Proportional Pathing

Issue #80 resolved
David Armbruster created an issue

This suggestion is probably somewhat related to the option to use a manually set path. Having a way to do a decaying path (e.g. path hop and rate tuning) would be tremendously useful for me.

Existing APRS options rarely offer a way to explicitly do proportional pathing. Bob, WB4APR, has written about it here:

Although to be honest it would be more useful in a mobile setting than fixed. Perhaps this suggestion is more appropriate for an iOS app rather than for laptop/desktop such as QTH. Yet having a status once an hour with wider digipeat with the bulk being local would still be useful.

Comments (3)

  1. Weston Bustraan repo owner

    I’ve been thinking about how to implement proportional pathing. My difficulty is that I was intending to implement a beaconing algorithm for mobile operation similar to SmartBeaconing or GeniusBeaconing. Both of these algorithms vary the rate of beaconing in response to changes in speed, acceleration, turning, etc. The proportional pathing spec seems to be defined in terms of fixed rate beacons, i.e. every minute.

    So, for example, if you had SmartBeaconing’s slow rate set to 10 minutes and you were stationary, what would you expect the path to be? Then, when you started moving again, and the rate sped up to, say, every 2 minutes, what would the path look like then? Generally, the faster beacon rate means that the packets contain important positional updates. Would the proportional pathing operate independently of the beaconing algorithm?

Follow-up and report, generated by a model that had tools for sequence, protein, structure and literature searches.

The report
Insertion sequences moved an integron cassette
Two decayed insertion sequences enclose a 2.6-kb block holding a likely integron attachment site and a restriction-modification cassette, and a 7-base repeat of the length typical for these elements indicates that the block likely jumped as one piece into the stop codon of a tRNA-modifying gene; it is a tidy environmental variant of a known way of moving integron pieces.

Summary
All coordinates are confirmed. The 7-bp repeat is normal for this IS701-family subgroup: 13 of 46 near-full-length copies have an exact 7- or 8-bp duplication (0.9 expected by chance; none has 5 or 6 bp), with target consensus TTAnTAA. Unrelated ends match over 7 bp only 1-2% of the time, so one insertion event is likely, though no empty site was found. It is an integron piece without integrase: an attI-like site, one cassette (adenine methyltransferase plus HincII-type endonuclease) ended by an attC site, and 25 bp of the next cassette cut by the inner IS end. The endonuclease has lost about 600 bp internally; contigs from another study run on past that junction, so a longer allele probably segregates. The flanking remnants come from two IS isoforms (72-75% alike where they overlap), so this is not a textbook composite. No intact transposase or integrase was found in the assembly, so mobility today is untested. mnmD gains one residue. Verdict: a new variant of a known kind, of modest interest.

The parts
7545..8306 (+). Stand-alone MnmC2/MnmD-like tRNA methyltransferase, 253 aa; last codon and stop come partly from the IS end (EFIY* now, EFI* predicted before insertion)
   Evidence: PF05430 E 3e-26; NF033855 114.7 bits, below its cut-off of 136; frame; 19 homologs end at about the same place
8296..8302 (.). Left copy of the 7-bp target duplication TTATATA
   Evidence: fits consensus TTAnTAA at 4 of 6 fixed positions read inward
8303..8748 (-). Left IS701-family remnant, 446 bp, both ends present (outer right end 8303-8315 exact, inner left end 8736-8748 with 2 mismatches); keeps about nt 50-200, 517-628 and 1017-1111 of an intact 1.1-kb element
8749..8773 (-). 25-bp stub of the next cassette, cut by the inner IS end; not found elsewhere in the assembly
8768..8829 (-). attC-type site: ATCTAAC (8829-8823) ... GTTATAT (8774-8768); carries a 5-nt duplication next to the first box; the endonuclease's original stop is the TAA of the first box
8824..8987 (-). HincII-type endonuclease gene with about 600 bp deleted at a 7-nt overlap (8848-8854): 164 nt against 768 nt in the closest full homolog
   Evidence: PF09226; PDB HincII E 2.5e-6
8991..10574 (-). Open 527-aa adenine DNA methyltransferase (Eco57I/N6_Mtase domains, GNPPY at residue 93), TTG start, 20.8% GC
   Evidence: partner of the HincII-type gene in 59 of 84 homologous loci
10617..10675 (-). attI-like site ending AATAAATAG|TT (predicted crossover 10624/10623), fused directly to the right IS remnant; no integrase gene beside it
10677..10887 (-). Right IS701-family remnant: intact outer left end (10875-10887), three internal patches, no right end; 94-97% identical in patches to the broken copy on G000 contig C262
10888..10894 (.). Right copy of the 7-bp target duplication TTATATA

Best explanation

2. Terry Tucker

    The article on "The Human Touch in Data Annotation" is a must-read for anyone interested in the field of automation. The author does an excellent job of explaining why human involvement is still necessary in the age of automation, especially when it comes to data annotation. The use of words like "precision," "accuracy," and "nuance" perfectly captures the experience of using human touch in data annotation. Overall, this article is informative and well-written, and I highly recommend it to anyone interested in the topic

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